US 7170077 B2
An image storage screen or panel, suitable for use in applications related with computed radiography comprises, on a support, a binderless needle-shaped stimulable CsBr:Eu phosphor layer, wherein, besides low amounts of a europium activator or dopant in favor of homogeneous distribution of said activator in the CsBr matrix, presence of well-defined amounts of rubidium halide and cesium chloride in said matrix, and, optionally, further presence of alkali metal, alkaline earth metal and/or metal earth salts, and/or, optionally, other metal salts or oxides, provides a remarkable speed increase, without loss in sharpness.
1. A photostimulable phosphor panel comprising a photostimulable phosphor according to the formula (1)
5×10−3 mol/mol<z<1.5×10−1 mol/mol,
0<a<5×10−4 mol/mol and wherein 2≦α<3.
2. A photostimulable phosphor panel according to
1×10−4 mol/mol<z<1.5×10−1 mol/mol and wherein
3. A photostimulable phosphor panel according to
4. A photostimulable phosphor panel according to
5. A photostimulable phosphor panel according to
6. A photostimulable phosphor panel according to
7. A photostimulable phosphor panel according to
8. A photostimulable phosphor panel according to
9. A photostimulable phosphor panel according to
10. A photostimulable phosphor panel according to
11. A photostimulable phosphor panel according to
12. A photostimulable phosphor panel according to
13. A photostimulable phosphor panel according to
14. A photostimulable phosphor panel according to
15. A photostimulable phosphor panel according to
16. A photostimulable phosphor panel according to
17. A photostimulable phosphor panel comprising a photostimulable phosphor according the formula (2)
6×10−5 mol/mol<y<1.5×10−2 mol/mol;
0<a<1×10−3 mol/mol and wherein 2≦α<3.
18. A photostimulable phosphor panel according to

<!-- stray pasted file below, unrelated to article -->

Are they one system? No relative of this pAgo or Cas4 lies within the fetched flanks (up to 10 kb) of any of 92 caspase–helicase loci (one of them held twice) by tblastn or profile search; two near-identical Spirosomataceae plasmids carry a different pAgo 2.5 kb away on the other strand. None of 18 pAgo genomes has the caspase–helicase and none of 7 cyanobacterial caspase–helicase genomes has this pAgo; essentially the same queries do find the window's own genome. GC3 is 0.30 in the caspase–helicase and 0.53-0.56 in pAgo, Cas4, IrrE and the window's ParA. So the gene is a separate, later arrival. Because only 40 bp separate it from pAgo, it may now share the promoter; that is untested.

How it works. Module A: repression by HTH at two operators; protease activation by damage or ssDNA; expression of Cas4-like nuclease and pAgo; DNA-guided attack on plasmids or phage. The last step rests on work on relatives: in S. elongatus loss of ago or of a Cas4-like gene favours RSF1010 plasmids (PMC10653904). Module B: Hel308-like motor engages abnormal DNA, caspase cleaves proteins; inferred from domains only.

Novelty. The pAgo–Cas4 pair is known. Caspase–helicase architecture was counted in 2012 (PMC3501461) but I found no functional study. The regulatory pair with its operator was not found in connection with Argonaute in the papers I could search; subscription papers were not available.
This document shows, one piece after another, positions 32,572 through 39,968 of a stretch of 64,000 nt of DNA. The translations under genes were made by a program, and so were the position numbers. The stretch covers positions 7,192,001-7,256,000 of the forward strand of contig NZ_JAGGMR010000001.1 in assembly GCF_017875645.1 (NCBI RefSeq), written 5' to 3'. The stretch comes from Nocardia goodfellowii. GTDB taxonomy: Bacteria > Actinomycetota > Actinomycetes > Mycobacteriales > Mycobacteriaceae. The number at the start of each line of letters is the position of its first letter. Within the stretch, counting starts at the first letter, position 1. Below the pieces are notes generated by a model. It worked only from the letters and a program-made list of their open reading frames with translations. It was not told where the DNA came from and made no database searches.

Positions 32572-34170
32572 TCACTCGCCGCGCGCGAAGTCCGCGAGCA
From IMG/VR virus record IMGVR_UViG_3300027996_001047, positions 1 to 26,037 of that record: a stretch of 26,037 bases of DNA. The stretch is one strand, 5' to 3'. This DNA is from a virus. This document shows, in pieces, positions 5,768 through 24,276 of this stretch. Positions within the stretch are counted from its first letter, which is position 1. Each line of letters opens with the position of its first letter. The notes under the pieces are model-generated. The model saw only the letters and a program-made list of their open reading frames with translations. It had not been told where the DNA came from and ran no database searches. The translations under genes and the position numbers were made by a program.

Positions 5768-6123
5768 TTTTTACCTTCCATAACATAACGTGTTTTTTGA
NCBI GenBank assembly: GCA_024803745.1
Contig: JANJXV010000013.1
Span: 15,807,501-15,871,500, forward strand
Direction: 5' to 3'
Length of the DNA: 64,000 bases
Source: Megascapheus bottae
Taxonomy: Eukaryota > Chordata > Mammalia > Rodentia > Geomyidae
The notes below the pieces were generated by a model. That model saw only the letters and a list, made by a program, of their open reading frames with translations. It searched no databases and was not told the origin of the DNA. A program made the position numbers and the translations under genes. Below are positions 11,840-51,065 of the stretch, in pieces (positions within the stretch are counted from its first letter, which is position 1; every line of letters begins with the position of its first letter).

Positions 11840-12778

1×10−4 mol/mol<z<1.5×10−1 mol/mol and wherein
19. A photostimulable phosphor panel according to
20. A photostimulable phosphor panel according to
21. A photostimulable phosphor panel according to
22. A photostimulable phosphor panel according to
23. A photostimulable phosphor panel according to
24. A photostimulable phosphor panel according to
25. A photostimulable phosphor panel according to
26. A photostimulable phosphor panel according to
27. A photostimulable phosphor panel according to
28. A photostimulable phosphor panel according to
29. A photostimulable phosphor panel according to
30. A photostimulable phosphor panel according to
31. A photostimulable phosphor panel according to
32. A photostimulable phosphor panel according to
33. A photostimulable phosphor panel comprising a photostimulable phosphor according the formula (1′)
1×10−5 mol/mol<x<1×10−4 mol/mol;
1×10−4 mol/mol<z<1.5×10−1 mol/mol;
0<a<0.2 mol/mol; and wherein 2≦α<3 and 2<β≦5.
34. A photostimulable phosphor panel according to
35. A photostimulable phosphor panel according to
36. A photostimulable phosphor panel according to
37. A photostimulable phosphor panel comprising a photostimulable phosphor according the formula (2′)
Cs(1-z-αa-βx)RbzBr(1-y)Cly:aEu.xTa (2′), wherein
1×10−5 mol/mol<x<1×10−4 mol/mol;
6×10−4 mol/mol<y<1.5×10−2 mol/mol;
1×10−4 mol/mol<z<1.5×10−1 mol/mol,
and wherein 2≦α<3 and 2<β≦5.
38. A photostimulable phosphor panel according to
39. A photostimulable phosphor panel according to
40. A photostimulable phosphor panel according to
This application claims the benefit of U.S. Provisional Application No. 60/617,949 filed Oct. 12, 2004, which is incorporated by reference. In addition, this application claims the benefit of European Application No. 04104909.9 filed Oct. 07, 2004, which is also incorporated by reference.